The only way to find out would be to construct such a system. I’m not in a position to do that, but I can offer some remarks about how we might go about doing it.

* * * * *

I note that this post began as something I figured I could knock out in two or three afternoons. We’ve got a bunch of texts, a bunch of people, and the people choose to read texts, cycle after cycle after cycle. How complicated could it be to make a sketch of that? Pretty complicated.

What follows is no more than a sketch. There’s a bunch of places where I could say more and more places where things need to be said, but I don’t know how to say them. Still, if I can get this far in the course of a week or so, others can certainly take it further. It’s by no means a proof of concept, but it’s enough to convince me that at some time in the future we will be running simulations of large scale literary processes.

I don’t know whether or not I would create such a simulation given a budget and appropriate collaborators. But I’m inclined to think that, if not now, then within the next ten years we’re going to have to attempt something like this, if for no other reason than to see whether or not it can tell us anything at all. The fact is, at some point, simulation is the only way we’re going to get a feel for the dynamics of literary process.

* * * * *

It’s a long way through this post, almost 5000 words. I begin with a quick look at an overall approach to simulating a literary system. Then I add some details, starting with stand-ins (simulations of) texts and people. Next we have processes involving those objects. That’s the basic simulation, but it’s not the end of my post. I have some discussion of things we might do with this system followed with suggestions about extending it. I conclude with a short discussion of the E-word. Continue reading “Underwood and Sellers 2015: Beyond narrative we have simulation”

Cultural Evolution and Oral Tradition: ‘Information transfer’ at the micro scale

It’s clear that one problem I have with Dennett’s memetics is this his conception face-to-face mechanisms of cultural evolution – like the transfer of information from one computer to another – seems rather thin, unrealistically so. I tend to think that meaning is something arrived at through negotiation whereas Dennett writes as though one-shot one-way ‘information transfer’ is sufficient to the process.

I want to present some passages from David Rubin, Memory in Oral Tradition: The Cognitive Psychology of Epic, Ballads, and Counting-out Rhymes (Oxford UP 1995) that I think merit close consideration. These are passages about oral epic and so are relevant to thinking about folktales, myth and such, stories that are held in memory and delivered to an audience without benefit of written prompt. One thing we need to keep in mind is that, in oral culture, the notion of faithful repetition is not the same as it is in literate culture. In the literate world repetition means word-for-word. In oral cultures it does not. A faithful recounting of a story is one where the same characters are involved in the same (major) incidents in (pretty much) the same order. Word-for-word recounting is not required; in fact, such a notion is all but meaningless. With no written (or otherwise recorded) verification, how do you tell?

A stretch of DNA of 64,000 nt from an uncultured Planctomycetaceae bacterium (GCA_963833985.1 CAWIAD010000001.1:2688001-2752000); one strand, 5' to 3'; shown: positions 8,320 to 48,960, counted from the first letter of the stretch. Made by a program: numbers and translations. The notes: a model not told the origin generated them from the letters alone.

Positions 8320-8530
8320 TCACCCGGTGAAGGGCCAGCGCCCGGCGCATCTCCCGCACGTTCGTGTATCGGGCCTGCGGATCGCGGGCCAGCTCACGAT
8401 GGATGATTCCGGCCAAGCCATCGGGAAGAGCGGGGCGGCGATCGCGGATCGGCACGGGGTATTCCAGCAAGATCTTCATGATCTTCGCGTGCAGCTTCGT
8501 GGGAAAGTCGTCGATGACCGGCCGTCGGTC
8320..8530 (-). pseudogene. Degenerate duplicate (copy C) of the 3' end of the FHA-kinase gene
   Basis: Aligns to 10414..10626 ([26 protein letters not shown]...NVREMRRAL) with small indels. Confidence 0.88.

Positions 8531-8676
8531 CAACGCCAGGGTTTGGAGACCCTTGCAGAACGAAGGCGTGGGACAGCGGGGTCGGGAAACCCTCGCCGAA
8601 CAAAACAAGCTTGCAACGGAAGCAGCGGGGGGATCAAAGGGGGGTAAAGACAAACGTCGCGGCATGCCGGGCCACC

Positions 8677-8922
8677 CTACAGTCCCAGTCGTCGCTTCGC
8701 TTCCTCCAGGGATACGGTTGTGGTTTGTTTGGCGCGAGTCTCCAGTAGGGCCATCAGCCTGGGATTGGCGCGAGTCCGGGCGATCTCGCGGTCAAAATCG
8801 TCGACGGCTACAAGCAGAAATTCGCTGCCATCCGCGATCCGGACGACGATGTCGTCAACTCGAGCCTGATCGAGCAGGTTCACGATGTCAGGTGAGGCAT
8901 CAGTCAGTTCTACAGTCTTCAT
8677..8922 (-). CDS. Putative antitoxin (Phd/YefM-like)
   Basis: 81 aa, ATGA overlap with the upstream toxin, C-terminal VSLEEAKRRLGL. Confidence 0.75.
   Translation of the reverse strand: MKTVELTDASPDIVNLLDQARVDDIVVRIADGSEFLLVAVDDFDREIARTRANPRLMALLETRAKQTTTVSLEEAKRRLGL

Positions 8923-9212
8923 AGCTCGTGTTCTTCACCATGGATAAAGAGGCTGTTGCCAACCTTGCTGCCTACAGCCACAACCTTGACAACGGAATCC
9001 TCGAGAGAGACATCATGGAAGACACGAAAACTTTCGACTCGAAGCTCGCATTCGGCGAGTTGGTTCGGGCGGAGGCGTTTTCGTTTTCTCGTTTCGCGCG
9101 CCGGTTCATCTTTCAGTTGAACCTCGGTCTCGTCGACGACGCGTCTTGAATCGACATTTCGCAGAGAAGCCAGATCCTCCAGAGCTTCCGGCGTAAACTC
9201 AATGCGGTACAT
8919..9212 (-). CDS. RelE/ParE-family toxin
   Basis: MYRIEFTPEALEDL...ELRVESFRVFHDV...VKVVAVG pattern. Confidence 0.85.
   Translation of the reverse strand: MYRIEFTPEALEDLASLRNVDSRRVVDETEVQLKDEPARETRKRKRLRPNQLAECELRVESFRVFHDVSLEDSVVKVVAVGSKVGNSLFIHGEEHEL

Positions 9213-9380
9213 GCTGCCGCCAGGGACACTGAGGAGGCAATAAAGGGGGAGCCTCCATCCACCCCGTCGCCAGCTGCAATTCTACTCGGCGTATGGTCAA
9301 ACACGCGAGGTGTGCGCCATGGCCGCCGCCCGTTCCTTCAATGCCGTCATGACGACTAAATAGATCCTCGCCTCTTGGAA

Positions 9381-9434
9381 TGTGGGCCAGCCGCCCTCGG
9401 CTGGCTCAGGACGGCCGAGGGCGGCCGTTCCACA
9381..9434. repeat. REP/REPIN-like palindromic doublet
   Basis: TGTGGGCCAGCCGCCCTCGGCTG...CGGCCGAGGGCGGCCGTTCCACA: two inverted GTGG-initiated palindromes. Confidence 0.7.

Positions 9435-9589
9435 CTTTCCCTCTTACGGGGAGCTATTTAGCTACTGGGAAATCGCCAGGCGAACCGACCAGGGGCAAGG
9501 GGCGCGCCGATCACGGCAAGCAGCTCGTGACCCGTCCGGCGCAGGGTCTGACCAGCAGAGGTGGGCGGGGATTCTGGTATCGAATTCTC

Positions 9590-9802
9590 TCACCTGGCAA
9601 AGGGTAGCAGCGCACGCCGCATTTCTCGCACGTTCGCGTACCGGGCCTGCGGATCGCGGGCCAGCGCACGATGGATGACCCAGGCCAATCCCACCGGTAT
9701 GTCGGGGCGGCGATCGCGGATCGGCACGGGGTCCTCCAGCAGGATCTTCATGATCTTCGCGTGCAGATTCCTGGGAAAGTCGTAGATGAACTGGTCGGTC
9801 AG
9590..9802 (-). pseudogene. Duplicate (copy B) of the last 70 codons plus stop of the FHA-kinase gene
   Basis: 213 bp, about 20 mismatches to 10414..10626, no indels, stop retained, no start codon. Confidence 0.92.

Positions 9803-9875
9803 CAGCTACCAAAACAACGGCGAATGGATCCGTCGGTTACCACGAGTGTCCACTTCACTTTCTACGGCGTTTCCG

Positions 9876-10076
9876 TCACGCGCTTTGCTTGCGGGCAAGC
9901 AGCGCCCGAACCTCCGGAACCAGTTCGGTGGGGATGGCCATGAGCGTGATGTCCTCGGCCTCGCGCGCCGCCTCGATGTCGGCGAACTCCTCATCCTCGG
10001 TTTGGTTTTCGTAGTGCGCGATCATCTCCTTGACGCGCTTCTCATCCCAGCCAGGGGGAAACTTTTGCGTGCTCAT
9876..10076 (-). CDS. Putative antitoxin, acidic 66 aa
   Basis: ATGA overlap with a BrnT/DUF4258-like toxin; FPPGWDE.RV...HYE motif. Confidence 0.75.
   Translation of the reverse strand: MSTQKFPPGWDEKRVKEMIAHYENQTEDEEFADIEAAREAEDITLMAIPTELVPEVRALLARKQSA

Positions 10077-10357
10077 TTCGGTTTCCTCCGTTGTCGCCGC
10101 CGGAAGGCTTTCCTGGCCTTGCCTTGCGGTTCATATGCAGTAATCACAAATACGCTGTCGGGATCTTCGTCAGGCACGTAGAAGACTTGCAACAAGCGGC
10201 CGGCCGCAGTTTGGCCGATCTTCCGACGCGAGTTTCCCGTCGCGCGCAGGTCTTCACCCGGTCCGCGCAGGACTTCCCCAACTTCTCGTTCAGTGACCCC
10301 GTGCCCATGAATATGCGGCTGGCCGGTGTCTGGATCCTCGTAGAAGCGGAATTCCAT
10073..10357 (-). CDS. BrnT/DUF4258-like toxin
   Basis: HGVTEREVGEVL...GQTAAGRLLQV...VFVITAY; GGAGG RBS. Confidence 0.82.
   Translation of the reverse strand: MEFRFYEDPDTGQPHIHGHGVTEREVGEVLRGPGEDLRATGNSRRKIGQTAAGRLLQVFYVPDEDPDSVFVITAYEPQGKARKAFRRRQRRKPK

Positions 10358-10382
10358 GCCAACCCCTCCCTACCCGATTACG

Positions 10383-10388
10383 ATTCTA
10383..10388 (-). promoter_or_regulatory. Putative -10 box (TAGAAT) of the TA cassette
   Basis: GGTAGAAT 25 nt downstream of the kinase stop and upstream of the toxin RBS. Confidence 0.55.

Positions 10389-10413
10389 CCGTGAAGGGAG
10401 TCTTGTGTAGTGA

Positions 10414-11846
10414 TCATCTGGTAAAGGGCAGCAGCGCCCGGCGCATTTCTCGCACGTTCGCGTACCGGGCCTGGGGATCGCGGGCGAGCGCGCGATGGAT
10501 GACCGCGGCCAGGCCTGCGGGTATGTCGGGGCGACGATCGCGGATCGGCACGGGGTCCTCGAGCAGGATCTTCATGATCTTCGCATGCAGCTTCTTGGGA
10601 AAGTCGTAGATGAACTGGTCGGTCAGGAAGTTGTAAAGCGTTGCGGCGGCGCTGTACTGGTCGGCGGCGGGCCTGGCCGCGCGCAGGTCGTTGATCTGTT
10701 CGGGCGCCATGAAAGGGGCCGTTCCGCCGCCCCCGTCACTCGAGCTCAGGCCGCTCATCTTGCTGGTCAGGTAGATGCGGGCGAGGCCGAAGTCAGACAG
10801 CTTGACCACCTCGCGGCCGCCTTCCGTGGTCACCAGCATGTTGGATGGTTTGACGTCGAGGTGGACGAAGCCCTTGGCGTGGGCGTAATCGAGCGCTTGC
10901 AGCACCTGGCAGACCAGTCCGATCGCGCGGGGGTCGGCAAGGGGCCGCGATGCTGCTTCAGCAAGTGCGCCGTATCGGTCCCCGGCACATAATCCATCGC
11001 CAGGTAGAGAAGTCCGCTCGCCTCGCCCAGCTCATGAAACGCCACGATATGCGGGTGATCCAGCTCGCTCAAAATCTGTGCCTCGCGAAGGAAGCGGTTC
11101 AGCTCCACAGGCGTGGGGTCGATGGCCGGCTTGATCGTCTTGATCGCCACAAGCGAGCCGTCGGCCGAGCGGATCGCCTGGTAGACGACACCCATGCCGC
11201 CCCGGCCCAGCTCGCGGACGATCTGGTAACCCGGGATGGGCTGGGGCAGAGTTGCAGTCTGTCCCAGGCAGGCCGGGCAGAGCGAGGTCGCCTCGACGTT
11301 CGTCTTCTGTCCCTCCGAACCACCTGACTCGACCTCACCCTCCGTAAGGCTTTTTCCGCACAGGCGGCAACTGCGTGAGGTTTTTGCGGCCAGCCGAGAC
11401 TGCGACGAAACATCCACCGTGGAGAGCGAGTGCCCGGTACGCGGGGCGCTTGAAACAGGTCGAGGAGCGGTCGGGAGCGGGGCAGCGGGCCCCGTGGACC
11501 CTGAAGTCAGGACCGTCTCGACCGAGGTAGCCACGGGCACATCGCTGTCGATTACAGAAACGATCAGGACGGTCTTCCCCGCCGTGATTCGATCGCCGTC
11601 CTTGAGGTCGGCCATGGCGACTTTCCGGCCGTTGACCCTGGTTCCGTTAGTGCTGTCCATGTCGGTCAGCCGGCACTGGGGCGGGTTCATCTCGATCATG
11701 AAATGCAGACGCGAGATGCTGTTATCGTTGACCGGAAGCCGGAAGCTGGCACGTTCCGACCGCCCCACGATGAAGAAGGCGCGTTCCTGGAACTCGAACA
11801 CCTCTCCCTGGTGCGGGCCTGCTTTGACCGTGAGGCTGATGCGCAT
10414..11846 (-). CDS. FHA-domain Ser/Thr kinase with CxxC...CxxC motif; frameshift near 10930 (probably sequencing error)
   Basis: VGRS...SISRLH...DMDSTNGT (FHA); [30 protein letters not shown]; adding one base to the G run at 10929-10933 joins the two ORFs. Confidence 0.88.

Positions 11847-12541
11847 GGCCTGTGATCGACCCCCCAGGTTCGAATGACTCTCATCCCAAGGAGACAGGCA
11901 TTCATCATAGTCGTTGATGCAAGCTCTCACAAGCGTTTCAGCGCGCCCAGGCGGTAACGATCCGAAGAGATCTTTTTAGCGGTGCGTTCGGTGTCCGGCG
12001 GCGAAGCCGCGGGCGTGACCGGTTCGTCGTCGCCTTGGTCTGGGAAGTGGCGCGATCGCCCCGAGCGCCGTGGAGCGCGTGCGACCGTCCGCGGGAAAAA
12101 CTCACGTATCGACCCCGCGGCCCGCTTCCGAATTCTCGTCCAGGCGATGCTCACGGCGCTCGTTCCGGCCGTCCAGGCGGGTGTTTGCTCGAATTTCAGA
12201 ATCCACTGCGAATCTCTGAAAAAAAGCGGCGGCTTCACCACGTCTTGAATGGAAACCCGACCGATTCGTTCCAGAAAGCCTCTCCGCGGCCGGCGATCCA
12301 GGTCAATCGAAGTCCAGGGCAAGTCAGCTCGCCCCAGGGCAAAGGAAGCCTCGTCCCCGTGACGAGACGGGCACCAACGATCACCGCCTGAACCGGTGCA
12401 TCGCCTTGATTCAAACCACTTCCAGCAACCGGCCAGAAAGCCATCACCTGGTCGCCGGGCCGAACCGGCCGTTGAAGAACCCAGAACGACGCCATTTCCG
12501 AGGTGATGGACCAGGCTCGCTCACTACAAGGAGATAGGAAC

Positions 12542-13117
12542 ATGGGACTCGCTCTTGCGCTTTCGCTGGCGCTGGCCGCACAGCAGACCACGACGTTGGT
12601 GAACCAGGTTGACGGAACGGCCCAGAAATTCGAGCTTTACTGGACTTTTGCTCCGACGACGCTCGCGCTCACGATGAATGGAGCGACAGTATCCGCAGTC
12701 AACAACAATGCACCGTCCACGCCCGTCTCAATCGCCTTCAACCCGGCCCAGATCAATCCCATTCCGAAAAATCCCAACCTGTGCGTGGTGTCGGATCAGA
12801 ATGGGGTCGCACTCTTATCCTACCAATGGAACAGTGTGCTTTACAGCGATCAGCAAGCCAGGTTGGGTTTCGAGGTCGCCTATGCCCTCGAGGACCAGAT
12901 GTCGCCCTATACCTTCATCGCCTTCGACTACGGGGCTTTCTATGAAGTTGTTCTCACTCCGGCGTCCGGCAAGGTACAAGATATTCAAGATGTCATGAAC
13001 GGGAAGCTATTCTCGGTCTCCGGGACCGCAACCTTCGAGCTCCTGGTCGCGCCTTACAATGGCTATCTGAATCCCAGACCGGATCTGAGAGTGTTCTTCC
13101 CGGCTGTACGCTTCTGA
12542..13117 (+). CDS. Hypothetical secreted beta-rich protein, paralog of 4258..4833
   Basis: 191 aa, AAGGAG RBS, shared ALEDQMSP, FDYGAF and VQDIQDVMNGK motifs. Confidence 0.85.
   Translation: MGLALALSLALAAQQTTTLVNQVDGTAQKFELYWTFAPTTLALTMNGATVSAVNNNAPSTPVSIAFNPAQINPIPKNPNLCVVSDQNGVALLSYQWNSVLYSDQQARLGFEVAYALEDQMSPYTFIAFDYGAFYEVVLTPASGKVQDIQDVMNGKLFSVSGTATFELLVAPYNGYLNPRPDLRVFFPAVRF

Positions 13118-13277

This passages illustrates that nicely (pp. 137-138):

Avdo Medjedovic was the best singer recorded by Lord and Parry. An example of his learning a new song provides insights into what it is that the poetic-language learner must learn about his genre (Lord, 1960; Lord & Bynum, 1974). A singer sang a song of 2,294 lines that Avdo Medjedovic had never heard before. When the song was finished, Avdo Medjedovic was asked if he could sing the same song. He did, only now the song was 6,313 lines long. The basic story line remained the same, but, to use Lord’s description, “the song lengthened, the ornamentation and richness accumulated, and the human touches of character, touches that distinguish Avdo Medjedovic from other singers, imparted a depth of feeling that had been missing” (p. 78). Avdo Medjedovic’s song retold the same story in his own words, much as subjects in a psychology experiment would retell a story from a genre with which they were familiar, but Avdo Medjedovic’s own words were poetic language and his story was a song of high artistic quality. Although the particular words changed, the words added were all traditional; and so the stability of the tradition, if not the stability of the words of a particular telling of a story, was ensured.

Several aspects of this feat are of interest. First, the song was composed without preparation and sung at great speed. There was no time for preparation before the 6,313 lines were sung, and once the song began, the rhythm allowed little time for Avdo Medjedovic to stop and collect his thoughts. Such a feat implies a well-organized memory and the equivalent of an efficient set of rules for production. Second, the song expanded yet remained traditional in style, demonstrating that more than a particular song was being recalled. Rather, rules or parts drawn from other songs were being used. Third, although Avdo Medjedovic was creative by any standards, he was not trying to create a novel song; he believed that he was telling a true story just the way he had heard it, though perhaps a little better. To do otherwise would be to distort history.